Franchise sees big boost in refinancing

by Julia Corderoy05 Nov 2015
Major mortgage franchise Aussie Home Loans has seen a jump in demand for refinancing, with data from the franchise revealing customers are saving an average of 0.71% on their home loan interest rates over the life of their loan. 

Aussie Home Loan chief executive officer James Symond says the franchise has experienced a 16% jump in demand for home loan refinance over the last three months, with refinancers now making up 35% of the mortgage broker’s total settlements.

This means, according to Symond, that interest rates, market uncertainty and mortgages are now “top of mind” for the average Australian.

“There is a great deal of attention now being paid to the future of interest rates, the property market and ongoing uncertainty over the economy. Even though rates have largely been coming down through RBA cuts and hot competition, borrowers are still seeking to refinance their loans,” he said.

“Our figures show that more and more of our customers are taking advantage of record low interest rates. They are actively seeking out and securing themselves a better deal, saving tens of thousands of dollars in many circumstances.”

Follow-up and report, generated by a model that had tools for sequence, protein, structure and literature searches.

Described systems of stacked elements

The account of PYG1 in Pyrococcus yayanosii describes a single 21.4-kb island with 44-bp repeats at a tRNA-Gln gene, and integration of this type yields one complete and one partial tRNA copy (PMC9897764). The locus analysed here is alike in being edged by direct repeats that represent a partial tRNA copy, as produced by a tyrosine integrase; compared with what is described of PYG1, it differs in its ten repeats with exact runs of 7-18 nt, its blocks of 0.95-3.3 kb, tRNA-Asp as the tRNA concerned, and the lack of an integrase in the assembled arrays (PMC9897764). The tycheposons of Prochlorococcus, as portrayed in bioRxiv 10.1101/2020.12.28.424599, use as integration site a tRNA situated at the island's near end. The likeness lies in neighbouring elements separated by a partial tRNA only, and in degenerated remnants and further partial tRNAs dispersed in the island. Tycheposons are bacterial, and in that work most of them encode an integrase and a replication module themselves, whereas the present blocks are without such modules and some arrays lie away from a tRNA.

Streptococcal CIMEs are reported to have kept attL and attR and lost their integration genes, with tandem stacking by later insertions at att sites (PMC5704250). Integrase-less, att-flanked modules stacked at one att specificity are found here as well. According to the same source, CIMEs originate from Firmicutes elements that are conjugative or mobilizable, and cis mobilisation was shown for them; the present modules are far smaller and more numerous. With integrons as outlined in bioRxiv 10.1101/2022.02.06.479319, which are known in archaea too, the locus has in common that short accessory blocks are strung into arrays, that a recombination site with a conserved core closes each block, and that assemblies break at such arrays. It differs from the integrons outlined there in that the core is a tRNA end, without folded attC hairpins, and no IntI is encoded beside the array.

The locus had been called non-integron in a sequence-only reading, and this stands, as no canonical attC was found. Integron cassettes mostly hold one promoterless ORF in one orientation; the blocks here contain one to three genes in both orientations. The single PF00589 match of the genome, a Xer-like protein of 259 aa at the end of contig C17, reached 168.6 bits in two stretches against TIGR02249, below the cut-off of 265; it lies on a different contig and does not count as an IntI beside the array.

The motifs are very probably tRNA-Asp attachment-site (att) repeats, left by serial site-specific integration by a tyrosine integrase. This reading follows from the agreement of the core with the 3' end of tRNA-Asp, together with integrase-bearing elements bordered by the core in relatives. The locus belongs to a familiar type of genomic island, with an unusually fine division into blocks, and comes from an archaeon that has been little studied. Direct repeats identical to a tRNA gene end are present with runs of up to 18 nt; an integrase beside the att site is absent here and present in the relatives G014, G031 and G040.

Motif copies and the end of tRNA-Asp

Based on Aussie’s average refinance loan size of $525,331, the average 0.71% rate saving equates to $86,733.25 over the life of a 30 year loan.

Refinancers in NSW are making the most of refinance savings with an average 0.75% reduction, closely followed by Queenslanders saving an average 0.73% on their home loan interest rate.

According to Aussie’s data, owner occupiers are driving this growth in refinancing, up 23% of total settlements compared to a couple of years ago. On the other hand, the number of investors refinancing has fallen by 5% over the same period, or by 16% since just last financial year.

“There has been a significant level of policy and pricing change across the mortgage market, particularly around loan serviceability and investment lending, with a major factor being the lower LVRs now required by lenders, and I believe this is slowing investor refinance activity,” Symond said.

“The steam has also gone out of the first home buyer market as prices in many areas of the major capital cities are still very high and simply unattainable for them.”
 

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